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KEYWORDS=samba, smbclient, windows, 2003, DAVROM CONSULTING Newsletter - Issue # 32 - Dated: Thu May 25 10:49:48 EST 2006

From the desk of David Clark

In our last issue I commented on our newsletter web database project and
will mention it here again as we have now finalised and released version
1.1 to our customers. My thanks to those who provided the feedback to
make it all possible.

Please visit: http://www.davrom.com/newsletter

to view a demo. Essentially it can be used as a simple e-mail database
messaging interface so you aren't tied down to using it as a "newsletter"
system if you don't want to.

Support continues to be more web server/e-mail based of late and some fun
with printers on SCO/Linux servers interfacing with Windows 2003 server
via Samba - please read the article further in this newsletter.

I would like to thank the reader for their time in reading this newsletter.


UNIX Quote
UNIX/Linux - where the game is the same and the goal posts don't move.

Samba and Windows 2003

In the last few months I have come up against issues with Samba
interfacing with Windows 2003 server so I thought I would raise some
awareness with readers of the issues at hand.

When they released 2003 they said they were doing away with a lot of the
older SMB (Server Message Blocks) interfacing owing to problems with the
older code (at least that is what one report says and let's not forget
who designed that networking in the first place). What this means for
those using Samba in a MS newtwork is you now need to update your Samba
version to 3.x to even be able to communicate with 2003 - and there are
more issues than I will cover here - but the goal posts have been moved

We first struck an issue when we needed to run a smbclient (Samba
Client) based script to backup a SCO server to a share folder on a 2003 box
- the age of the OS along with the supported version of Samba meant we had
to design a MS ftp script to run from the 2003 server to ftp the backup
images over from the SCO server - this works well but I have always liked
the extensive logging and checks you can run when UNIX/Linux are in the
driver's seat.

I have also struck this issue with RedHat server needing some extensive
updates to talk to 2003 - and the printers still didn't work correctly.

I will continue to dig into this area and make notes in future
newsletters as to what the open-source community is doing to keep Samba
interfacing with the many changings in MS.

A quick google with show you what I mean.

Old scripts never die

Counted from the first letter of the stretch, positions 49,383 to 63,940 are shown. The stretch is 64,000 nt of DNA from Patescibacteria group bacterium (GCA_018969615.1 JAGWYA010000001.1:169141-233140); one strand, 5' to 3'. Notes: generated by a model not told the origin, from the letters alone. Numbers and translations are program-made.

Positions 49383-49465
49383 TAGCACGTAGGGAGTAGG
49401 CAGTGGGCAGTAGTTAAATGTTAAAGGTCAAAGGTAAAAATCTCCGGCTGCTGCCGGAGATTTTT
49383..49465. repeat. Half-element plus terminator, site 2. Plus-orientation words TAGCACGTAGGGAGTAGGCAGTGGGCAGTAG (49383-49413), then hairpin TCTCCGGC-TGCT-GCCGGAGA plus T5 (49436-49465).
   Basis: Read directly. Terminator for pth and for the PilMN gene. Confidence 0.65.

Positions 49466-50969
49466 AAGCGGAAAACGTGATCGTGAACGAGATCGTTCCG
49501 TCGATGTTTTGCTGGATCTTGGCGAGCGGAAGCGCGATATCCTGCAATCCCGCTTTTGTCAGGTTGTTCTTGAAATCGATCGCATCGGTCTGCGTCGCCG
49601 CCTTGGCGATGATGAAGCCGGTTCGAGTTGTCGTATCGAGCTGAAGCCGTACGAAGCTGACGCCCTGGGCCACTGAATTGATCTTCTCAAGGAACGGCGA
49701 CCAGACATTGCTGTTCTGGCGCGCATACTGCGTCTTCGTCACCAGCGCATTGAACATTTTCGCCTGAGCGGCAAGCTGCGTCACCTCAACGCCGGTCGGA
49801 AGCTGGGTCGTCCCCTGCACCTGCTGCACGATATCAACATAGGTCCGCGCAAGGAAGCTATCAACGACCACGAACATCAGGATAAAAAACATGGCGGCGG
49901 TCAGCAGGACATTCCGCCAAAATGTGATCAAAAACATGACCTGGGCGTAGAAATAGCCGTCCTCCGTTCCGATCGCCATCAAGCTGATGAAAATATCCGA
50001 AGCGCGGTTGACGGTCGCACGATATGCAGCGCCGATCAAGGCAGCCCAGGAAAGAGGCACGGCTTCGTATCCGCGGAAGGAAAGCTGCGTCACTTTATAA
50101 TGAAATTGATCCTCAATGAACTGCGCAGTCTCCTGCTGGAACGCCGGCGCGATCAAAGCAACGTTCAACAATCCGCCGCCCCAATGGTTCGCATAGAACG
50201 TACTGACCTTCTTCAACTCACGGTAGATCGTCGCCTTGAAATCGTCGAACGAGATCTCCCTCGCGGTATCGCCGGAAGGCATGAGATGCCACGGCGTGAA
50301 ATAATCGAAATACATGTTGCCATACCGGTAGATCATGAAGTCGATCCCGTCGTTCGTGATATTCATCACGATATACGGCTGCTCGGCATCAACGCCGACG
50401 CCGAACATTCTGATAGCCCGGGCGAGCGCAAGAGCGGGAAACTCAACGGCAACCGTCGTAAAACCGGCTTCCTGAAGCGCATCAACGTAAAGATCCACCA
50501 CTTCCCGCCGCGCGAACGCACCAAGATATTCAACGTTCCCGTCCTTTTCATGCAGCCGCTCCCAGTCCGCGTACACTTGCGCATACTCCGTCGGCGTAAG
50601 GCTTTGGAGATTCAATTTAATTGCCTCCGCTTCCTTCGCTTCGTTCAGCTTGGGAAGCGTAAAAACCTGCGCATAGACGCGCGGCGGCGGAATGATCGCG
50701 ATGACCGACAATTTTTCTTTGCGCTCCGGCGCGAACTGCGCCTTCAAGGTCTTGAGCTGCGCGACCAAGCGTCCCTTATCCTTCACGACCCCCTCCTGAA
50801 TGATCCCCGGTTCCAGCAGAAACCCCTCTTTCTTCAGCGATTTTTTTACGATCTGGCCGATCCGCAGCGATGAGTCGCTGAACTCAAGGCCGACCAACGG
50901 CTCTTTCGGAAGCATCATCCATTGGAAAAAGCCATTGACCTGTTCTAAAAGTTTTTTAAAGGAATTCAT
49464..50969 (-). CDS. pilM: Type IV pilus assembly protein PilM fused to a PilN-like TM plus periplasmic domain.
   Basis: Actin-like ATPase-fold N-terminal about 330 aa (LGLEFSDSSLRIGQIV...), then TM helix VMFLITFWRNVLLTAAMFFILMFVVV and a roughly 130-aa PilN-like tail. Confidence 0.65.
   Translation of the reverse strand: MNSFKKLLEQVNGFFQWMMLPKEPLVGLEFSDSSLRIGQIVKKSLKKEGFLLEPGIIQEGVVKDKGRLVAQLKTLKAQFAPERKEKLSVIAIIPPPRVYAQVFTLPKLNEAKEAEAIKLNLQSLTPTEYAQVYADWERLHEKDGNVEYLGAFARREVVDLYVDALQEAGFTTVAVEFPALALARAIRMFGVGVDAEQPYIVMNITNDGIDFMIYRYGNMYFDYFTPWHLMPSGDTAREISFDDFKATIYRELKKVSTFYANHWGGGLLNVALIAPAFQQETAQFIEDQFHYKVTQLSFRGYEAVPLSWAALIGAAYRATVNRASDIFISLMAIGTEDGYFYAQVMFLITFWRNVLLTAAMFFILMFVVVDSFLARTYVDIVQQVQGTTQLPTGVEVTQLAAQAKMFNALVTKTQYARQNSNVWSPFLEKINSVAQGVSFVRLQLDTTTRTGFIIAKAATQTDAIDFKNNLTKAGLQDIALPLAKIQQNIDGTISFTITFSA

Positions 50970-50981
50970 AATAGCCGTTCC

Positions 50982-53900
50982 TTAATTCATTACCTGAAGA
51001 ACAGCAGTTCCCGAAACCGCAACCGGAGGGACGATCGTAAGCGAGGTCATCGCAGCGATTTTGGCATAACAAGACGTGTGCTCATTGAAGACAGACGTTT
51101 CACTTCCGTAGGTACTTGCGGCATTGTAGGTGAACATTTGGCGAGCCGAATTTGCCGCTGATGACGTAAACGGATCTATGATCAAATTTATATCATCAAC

Over the past 18 years or so I have written hundreds of Bourne shell scripts
for customers and personal use and I recently dug one out of the dust for
active use again.

In 1993 I wrote two scripts which allowed me to place a text file in a
directory and have one of the scripts come along and grab the file and
send it as an e-mail at a later date in time. This facility was handy for
updating customers and keeping me reminded of on-going issues and

As I am now using web interfacing into most tasks to run scripts in the
background, mostly via PHP, I set about writing a web interface that
would re-active this facility - and it worked first off.

My point is: What an awesome and clever technology the shell environment
is and how many software packages allow you to pull out some bit of code
that is 13 year old, and utilise it "today" with little or no modification
to the original code.

As always, I encourage all UNIX/Linux users to get into the shell
environment and get to know what you can do to make things easier in your
day to day environment.

In the news

SCO is holding its "2006 City to City Tour" events in each major city here
in Australia so please go to:


to find out the date/venue for your location. The one in Brisbane is on
June the 6th so I hope to see you there.

Fedora Core 5 has been in circulation for some months now and has a whole
host of utilities for your server and desktop needs.


A version of Linux that is gaining more profile in magazines such as
Linux Magazine is Ubuntu - check it out at:


Tech Tip

festival on Linux: To proof read the newsletter I used to feed the text
into Windows based voice synthesizers such as ReadPlease so that I can
pick up on grammar and spelling more quickly than re-hashing through the

What stunned me was I found a utility on Linux that has been there all
along that does the same thing. The command is called "festival" and one
of its features is that it can read text files back to you through your
PC speakers.

To read back text file I use the command:

festival --tts textfile

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